As you can see from her post here, her scope and breadth and influence and interest weave back and forth between indigenous thought and tradition, canonical Latin American poetry, on the ground engagement with everyday people on the streets, and a wide-reaching critique of militaristic abuses of power.

Aside from creating poetry, visual art and performance informed by indigenous practice, Cecilia has conducted workshops in Mapuche communities in Chile, worked with children to help restore forgotten indigenous traditions, and she has worked dedicatedly in her literary advocacy for indigenous poetics. She has edited an anthology of Mapuche poetry; and her inclusion of indigenous authors in the Oxford Book of Latin American Poetry grounded indigenous writing as essential to Latin American literary history.

There are many things I love about Cecilia’s work, and for me what’s exciting about this post is the way in which Cecilia asks us once more to literalize the spiritual and to accept the impossible as necessary realities of our lives. I keep thinking about Cecilia’s statement in this post that “we need to translate language into itself so that IT sees our awareness.” And I keep thinking about her discussion of the creation in Ecuador of a new verb that combines Quichua and Spanish to form a word that embodies both “awareness” and “repair.” What do we need to do with our minds and bodies to translate language into itself? What do we need to do to be able to allow for awareness to generate repair?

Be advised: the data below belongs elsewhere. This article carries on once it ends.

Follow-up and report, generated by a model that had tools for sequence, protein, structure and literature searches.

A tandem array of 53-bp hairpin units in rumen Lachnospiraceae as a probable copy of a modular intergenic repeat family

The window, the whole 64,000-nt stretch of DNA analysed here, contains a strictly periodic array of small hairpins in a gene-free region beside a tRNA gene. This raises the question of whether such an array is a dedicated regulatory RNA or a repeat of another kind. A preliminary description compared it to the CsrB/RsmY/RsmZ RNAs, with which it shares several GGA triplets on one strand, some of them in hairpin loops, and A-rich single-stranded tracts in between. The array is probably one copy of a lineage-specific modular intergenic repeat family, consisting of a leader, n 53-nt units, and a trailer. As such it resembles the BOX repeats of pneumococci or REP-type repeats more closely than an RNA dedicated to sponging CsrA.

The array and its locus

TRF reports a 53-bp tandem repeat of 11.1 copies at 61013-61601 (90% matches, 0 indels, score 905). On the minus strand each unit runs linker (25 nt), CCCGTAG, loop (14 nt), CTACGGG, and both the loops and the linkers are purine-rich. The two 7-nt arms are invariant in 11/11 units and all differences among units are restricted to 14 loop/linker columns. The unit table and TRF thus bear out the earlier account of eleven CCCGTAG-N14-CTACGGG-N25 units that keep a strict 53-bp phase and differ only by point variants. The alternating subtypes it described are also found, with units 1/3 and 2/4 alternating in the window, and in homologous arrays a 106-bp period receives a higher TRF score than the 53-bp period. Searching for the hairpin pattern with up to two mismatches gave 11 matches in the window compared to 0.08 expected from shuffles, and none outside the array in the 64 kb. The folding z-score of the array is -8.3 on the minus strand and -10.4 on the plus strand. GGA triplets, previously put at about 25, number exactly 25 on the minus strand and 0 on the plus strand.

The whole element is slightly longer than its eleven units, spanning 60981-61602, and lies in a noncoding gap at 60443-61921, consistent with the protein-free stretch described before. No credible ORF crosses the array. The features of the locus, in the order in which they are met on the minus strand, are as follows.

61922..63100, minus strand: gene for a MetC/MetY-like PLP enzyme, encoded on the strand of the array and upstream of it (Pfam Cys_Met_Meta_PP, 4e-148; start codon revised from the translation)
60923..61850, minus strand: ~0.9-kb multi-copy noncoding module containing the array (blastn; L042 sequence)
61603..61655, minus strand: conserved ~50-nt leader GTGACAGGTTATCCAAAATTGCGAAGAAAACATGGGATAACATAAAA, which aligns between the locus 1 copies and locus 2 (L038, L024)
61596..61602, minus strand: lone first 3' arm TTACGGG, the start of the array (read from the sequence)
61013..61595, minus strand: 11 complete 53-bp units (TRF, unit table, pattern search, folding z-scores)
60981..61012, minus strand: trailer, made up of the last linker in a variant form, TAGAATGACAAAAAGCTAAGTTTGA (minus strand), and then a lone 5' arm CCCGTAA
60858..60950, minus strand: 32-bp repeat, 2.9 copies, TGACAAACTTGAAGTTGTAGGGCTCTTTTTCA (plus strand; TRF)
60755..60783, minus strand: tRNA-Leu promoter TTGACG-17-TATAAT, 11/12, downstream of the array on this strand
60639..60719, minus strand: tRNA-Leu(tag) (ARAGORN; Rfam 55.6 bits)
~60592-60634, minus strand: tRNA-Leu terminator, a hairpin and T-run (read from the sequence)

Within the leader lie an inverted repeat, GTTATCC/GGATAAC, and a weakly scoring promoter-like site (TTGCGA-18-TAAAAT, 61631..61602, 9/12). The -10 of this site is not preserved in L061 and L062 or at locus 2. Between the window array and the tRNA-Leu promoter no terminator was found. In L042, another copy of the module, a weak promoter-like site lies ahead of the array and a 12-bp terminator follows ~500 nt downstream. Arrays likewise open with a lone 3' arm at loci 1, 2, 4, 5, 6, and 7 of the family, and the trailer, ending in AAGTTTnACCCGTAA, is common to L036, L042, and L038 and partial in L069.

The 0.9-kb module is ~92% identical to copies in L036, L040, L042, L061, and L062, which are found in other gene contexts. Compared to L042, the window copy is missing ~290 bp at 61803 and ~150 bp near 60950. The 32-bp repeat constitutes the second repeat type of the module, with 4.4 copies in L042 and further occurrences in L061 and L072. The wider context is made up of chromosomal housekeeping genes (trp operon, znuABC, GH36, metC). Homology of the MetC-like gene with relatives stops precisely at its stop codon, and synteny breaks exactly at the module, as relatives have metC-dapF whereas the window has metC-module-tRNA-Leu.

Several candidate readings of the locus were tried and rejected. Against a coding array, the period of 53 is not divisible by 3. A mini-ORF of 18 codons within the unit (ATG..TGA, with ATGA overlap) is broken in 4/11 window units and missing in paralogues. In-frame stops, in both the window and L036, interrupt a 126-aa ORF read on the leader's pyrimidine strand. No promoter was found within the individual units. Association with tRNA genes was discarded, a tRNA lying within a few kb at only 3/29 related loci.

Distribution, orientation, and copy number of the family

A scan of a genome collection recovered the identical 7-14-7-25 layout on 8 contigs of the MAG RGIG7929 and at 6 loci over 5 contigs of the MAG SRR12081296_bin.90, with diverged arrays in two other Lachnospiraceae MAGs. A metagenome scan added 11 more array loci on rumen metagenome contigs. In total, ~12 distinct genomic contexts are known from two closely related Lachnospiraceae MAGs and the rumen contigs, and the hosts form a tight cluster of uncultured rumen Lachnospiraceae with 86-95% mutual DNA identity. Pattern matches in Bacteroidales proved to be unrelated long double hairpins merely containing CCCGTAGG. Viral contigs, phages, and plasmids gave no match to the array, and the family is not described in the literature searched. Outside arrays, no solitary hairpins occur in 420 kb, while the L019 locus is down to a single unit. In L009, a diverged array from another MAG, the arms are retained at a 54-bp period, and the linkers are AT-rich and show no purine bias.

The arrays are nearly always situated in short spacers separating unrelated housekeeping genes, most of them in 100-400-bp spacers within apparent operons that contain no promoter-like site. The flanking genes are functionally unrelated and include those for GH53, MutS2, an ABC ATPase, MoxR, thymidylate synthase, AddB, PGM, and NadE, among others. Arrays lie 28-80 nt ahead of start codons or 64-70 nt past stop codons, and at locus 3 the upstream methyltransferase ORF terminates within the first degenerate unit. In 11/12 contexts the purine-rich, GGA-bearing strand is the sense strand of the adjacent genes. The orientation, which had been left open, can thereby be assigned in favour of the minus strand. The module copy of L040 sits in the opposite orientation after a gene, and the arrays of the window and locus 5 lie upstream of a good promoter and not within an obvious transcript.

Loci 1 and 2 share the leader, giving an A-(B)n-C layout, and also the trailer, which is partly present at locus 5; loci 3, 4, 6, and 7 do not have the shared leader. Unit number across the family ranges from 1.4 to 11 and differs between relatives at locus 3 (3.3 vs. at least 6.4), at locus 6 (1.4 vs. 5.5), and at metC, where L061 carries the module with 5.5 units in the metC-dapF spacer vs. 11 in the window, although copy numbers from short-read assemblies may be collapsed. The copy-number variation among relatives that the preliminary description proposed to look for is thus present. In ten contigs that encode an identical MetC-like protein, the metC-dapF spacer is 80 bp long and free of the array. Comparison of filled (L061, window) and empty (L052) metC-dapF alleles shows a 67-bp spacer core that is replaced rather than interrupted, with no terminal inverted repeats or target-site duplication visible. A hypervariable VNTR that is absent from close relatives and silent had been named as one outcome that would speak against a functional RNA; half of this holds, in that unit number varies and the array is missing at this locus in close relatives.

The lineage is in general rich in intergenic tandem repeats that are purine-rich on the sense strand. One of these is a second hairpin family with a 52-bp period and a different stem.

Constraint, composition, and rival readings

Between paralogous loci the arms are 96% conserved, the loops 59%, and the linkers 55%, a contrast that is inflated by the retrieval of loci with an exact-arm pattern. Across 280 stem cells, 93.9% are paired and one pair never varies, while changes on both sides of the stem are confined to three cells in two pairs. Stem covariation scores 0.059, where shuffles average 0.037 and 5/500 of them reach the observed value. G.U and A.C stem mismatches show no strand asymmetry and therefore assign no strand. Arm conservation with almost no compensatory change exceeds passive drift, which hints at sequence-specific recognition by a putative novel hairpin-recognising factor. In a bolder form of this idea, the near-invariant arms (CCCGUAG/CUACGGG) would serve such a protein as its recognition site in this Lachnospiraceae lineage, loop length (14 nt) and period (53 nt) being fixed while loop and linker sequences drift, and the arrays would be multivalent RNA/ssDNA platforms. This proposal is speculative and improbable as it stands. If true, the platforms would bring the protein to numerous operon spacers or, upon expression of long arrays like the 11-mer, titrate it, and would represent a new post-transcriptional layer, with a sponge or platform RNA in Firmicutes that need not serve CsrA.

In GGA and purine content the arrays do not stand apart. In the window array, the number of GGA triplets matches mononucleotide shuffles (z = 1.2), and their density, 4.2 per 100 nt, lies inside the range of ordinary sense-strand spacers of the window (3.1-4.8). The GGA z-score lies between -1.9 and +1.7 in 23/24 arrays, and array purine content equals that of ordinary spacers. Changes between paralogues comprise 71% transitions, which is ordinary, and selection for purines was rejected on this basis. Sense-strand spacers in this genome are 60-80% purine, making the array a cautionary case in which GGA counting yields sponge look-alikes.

Finally, in my previous introduction, I situated Lucas de Lima as an author writing in a context of a transamerican, hemispheric poetics whose poetry and criticism is fueled by the dual presence of North and South America. Cecilia left Chile in the early 70s and has lived in New York for many decades. She continuously moves back and forth between the U.S. and South America, between English and Spanish and other linguistic traditions to form a body of work that depicts life in Chile and South America, life in the U.S., and life in many other realms of the universe.

—Daniel Borzutzky

***

Language is migrant. Words move from language to language, from culture to culture, from mouth to mouth. Our bodies are migrants, cells and bacteria are migrants too. Even galaxies migrate.